Dust Collector Pan for BT3000


  • Dust Collector Pan for BT3000

    Dust Collector Pan for BT3000 Designed by Jim Frye

    This project is the result of an attempt to create a prototype for a dust collector pan for the bottom to the BT3K cabinet. The idea here is to keep the dust from falling onto the items stored on the lower part of the saw stand. Since I have been planning to enclose the saw stand with a wood cabinet, I wanted to use the space below the saw for tool, blade, and jig storage. An additional goal was to improve dust collection inside of the saw and above it also. The aim is to collect more dust inside the cabinet and hopefully extend the life of the motor and other mechanisms in the cabinet by keeping it cleaner. The use of a dust collection system or shop vac is essential when using this pan. There are no drawings for this project. I created it on the fly using a ruler, utility knife, hot melt glue gun, and some corrugated cardboard. The pan completely covers the bottom of the saw cabinet. The pipe sticking out of the back of the pan is a piece of an old shop vac wand and is used to clean out the collected dust in the pan with a shop vac. The pipe is normally plugged with an empty 35 mm film canister. The pipe extends far enough from the rear of the pan to clear a planned wood cabinet enclosure. The front and rear flanges of the pan are 2 1/2 wide, which is the same width as the saw stand angles. These get clamped between the stand and saw cabinet when the saw is bolted to the stand. The flanges on the sides are 1 wide and creased to be folded in half to 1/2 width. This way, they seal under the cabinet sides better. I designed this pan with 5 1/2 of drop at the rear so that the clean out pipe would clear the out feed table mount that is bolted to rear of the stand.

    The first piece I made was the rear. It is just a triangle with the 2 1/2 flange on the long side (top edge) and hangs straight down at 90 degrees to the flange. The remaining two sides connect to a 1 wide bottom. This little flat allows the clean out pipe to sit closer to the bottom of the pan. A 1 wide hem is left on the sides and on the 1 wide bottom for attaching the side and front panels.

    The two side panels were made next. They are mirror images of each other, but are the same size. The top edge of these was made to fit between the top flanges of stand. This top edge has the 1 flange that is folded in half as mentioned above. Since the side panels are right triangles, the rear edge of them is same length as the sloping lower edge of the rear panel. The lower edge of the side panels has a 1 wide hem added to it for joining to the front panel. I assembled the rear and side panels upside down on the workbench to ensure everything remained square. It helps to have some weights to hold things in square while gluing the joints.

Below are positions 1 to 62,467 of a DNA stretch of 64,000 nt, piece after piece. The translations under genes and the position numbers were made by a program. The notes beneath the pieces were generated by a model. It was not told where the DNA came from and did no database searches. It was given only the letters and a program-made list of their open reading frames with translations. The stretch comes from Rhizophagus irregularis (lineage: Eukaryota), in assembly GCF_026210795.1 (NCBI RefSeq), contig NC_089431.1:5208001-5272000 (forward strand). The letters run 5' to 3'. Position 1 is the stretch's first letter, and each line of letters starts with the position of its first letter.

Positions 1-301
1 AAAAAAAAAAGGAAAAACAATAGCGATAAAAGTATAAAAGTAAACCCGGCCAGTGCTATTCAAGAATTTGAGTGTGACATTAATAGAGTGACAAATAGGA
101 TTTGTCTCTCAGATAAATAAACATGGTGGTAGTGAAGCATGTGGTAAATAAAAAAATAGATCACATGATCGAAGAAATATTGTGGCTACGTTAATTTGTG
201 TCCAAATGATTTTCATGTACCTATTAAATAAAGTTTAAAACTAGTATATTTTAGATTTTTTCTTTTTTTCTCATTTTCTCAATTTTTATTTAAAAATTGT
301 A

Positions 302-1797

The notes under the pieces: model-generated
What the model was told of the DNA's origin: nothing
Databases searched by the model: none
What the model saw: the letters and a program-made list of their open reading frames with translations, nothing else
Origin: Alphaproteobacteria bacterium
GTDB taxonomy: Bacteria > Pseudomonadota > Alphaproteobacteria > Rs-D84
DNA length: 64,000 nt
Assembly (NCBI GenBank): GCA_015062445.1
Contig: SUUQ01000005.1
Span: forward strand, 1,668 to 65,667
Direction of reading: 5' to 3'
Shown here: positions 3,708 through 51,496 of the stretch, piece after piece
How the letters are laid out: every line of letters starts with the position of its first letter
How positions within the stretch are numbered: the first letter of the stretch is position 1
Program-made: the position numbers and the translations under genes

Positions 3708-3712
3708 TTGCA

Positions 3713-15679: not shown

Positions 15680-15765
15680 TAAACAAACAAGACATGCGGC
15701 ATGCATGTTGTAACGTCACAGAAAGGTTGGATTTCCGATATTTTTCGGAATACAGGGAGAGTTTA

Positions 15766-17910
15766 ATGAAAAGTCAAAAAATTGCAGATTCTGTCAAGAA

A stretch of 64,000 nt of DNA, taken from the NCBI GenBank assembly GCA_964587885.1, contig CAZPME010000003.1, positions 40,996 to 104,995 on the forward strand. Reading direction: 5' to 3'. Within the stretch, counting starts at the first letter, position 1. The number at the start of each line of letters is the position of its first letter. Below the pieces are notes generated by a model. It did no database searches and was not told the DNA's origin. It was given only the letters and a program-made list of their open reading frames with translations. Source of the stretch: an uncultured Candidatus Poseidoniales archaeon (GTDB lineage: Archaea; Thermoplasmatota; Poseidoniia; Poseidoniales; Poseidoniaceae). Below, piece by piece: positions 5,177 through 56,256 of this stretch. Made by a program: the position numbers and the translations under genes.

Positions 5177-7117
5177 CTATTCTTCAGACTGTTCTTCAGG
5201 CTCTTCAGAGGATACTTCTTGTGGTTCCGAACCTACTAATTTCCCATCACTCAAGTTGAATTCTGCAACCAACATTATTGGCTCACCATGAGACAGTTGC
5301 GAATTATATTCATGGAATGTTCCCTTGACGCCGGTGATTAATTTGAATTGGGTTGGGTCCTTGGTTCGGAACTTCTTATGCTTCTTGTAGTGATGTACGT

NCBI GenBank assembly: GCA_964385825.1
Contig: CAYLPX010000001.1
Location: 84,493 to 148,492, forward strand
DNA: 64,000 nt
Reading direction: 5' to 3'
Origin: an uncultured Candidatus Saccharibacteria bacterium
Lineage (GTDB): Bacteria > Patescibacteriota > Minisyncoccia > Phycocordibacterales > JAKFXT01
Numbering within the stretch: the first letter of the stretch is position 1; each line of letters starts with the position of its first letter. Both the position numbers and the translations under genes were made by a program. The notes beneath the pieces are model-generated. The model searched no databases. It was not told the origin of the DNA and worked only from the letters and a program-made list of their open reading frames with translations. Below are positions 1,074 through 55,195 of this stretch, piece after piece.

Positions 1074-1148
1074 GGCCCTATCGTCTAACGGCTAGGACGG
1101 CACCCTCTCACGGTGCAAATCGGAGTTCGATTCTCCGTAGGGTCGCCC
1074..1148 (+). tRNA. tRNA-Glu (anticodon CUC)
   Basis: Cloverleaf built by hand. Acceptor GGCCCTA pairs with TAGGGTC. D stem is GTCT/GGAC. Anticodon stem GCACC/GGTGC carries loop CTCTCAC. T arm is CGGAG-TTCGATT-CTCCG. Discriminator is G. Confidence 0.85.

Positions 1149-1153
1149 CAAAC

The front panel is the same width as the rear panel and has a 2 1/2 flange on it. The length of the remaining edges of the front panel is the same as the lower edges of the side panels. The front panel also has a 1 wide edge at the bottom to mate with the one on the rear panel. The two lower edges of the front panel have 1 wide hems for joining to the side panels. In these joints, the hems on each panel overlap onto the adjoining panel surface. This gives the bottom of the pan a double width glue seam for extra strength. The front panel was also glued to the assembly on the workbench to maintain alignment.

    After the pan was all glued together, I did a test fit in the stand with the saw unbolted. You have to remove the saw from the stand to install the pan. After trimming a few stray bits here and there to clear bolt holes, I took the pan back to the workbench and ran a bead of glue down all of the exposed joints (like a weld seam). I finished the pan with a spray coat of automotive silver paint and three coats of wiping varnish to make the cardboard less of a dust catcher. This resulted in a lightweight, but very stiff assembly. Im sure a sheet metal pan would a better solution, but this was a prototype to test how well it works and it only took two hours to create.

    Original PDF Document:

    Dust Collector Pan for BT3000 Designed by Jim Frye 02

    Dust Collector Pan for BT3000 Designed by Jim Frye 01

    Dust Collector Pan for BT3000 Designed by Jim Frye 03

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